You might be thinking of "autocomplete". You can find autocomplete information in the combo box design pattern in the WAI-ARIA Authoring Practices 1.1. The design pattern contains information for making the concept accessible.
However, what you describe is a little different from autocomplete, though. It sounds like you want the user to be able to start typing no matter where they are on the page and have the focus automatically move to the search field with that first letter entered. I would not recommend that. Having the focus move without the user's consent can be disorienting. You can provide a shortcut key to the search field if you want (such as the
accesskey property), but that too can have issues (such as the discoverability of the access key).
Screen reader users use single key shortcuts to navigate to certain web elements. For example, 'B' will take you to the next button, 'T' will take you to a table, 'L' will take you to a list, 'H' will take you to a header, etc. If you want a screen reader user to benefit from your "instant search", they'd either have to:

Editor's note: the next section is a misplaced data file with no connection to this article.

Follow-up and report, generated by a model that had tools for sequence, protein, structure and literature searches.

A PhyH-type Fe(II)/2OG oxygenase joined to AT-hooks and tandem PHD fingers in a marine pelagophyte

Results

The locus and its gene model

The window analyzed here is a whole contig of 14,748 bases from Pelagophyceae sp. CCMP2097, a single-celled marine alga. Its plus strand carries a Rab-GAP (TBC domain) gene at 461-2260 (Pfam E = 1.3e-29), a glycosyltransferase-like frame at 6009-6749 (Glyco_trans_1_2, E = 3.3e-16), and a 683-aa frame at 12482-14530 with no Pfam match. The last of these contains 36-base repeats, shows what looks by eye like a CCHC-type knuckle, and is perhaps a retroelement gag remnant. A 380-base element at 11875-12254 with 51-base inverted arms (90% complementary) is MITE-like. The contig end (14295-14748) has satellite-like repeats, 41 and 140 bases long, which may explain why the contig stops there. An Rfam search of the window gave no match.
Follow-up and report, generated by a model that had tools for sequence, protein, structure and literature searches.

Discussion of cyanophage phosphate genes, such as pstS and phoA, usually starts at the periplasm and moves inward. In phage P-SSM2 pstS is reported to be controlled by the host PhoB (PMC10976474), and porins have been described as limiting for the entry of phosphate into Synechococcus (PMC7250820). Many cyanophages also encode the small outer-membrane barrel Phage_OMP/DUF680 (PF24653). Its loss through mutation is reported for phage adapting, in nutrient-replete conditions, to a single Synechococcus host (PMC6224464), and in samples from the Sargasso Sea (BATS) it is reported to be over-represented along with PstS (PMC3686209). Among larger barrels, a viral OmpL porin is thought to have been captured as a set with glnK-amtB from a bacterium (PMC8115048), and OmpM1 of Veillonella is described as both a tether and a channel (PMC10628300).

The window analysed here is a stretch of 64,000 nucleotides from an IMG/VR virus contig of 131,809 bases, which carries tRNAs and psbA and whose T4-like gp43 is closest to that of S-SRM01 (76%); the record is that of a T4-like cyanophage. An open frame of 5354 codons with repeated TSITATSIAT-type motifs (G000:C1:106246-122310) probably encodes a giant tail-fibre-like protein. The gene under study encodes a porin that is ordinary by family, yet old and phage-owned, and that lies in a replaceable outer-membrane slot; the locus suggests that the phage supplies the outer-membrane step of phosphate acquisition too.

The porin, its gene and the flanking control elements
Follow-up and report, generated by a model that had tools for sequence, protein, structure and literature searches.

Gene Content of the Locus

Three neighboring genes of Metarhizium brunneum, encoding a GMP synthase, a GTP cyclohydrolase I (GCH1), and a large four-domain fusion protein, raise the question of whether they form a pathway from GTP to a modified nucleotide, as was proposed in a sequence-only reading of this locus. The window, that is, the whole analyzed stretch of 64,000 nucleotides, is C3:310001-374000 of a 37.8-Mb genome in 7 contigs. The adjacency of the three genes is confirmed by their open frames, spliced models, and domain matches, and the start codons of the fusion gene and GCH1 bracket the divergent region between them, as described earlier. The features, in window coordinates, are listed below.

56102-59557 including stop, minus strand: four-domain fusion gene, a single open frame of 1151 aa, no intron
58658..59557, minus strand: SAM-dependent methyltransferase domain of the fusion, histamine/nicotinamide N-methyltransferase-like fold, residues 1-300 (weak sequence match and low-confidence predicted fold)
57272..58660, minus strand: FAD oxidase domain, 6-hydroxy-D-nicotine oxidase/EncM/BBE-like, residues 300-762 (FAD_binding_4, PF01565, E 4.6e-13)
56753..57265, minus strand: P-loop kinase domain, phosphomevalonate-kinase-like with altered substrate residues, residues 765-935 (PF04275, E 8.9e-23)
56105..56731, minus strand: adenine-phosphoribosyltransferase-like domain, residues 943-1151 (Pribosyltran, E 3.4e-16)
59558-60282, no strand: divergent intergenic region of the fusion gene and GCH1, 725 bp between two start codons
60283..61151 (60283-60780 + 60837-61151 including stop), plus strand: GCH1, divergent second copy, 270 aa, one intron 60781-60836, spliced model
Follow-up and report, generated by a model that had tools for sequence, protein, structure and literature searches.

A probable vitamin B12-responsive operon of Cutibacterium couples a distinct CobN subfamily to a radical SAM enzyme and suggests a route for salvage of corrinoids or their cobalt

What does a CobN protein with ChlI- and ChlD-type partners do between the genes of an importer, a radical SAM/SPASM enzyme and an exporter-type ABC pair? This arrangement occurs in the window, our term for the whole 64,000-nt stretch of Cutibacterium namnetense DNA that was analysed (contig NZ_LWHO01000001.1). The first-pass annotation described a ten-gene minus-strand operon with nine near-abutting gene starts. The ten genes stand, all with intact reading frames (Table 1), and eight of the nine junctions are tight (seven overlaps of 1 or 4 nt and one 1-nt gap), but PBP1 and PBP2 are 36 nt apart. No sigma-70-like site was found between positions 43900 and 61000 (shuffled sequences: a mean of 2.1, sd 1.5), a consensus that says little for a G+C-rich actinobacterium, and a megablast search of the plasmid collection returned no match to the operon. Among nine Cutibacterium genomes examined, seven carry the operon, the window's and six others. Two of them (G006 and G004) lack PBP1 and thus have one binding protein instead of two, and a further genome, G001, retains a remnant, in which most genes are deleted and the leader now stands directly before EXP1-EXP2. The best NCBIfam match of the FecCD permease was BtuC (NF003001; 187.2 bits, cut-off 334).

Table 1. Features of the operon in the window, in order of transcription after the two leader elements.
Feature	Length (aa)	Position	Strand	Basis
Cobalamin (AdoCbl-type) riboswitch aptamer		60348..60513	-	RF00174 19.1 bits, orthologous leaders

- switch out of navigation mode so that keyboard input goes to your application instead of the screen reader, OR
- temporarily send keystrokes to the application instead of the screen reader, OR
- be forced into "application mode" by your website, which automatically turns off the screen reader navigation mode.
None of these are very pleasant, and number 3 is the least desirable. Having a dedicated search field is usually the best way to go and allow the user to put the focus there themselves. (It you use
role='search' in your html, that will allow a screen reader user to quickly move to that area by using landmark navigation.)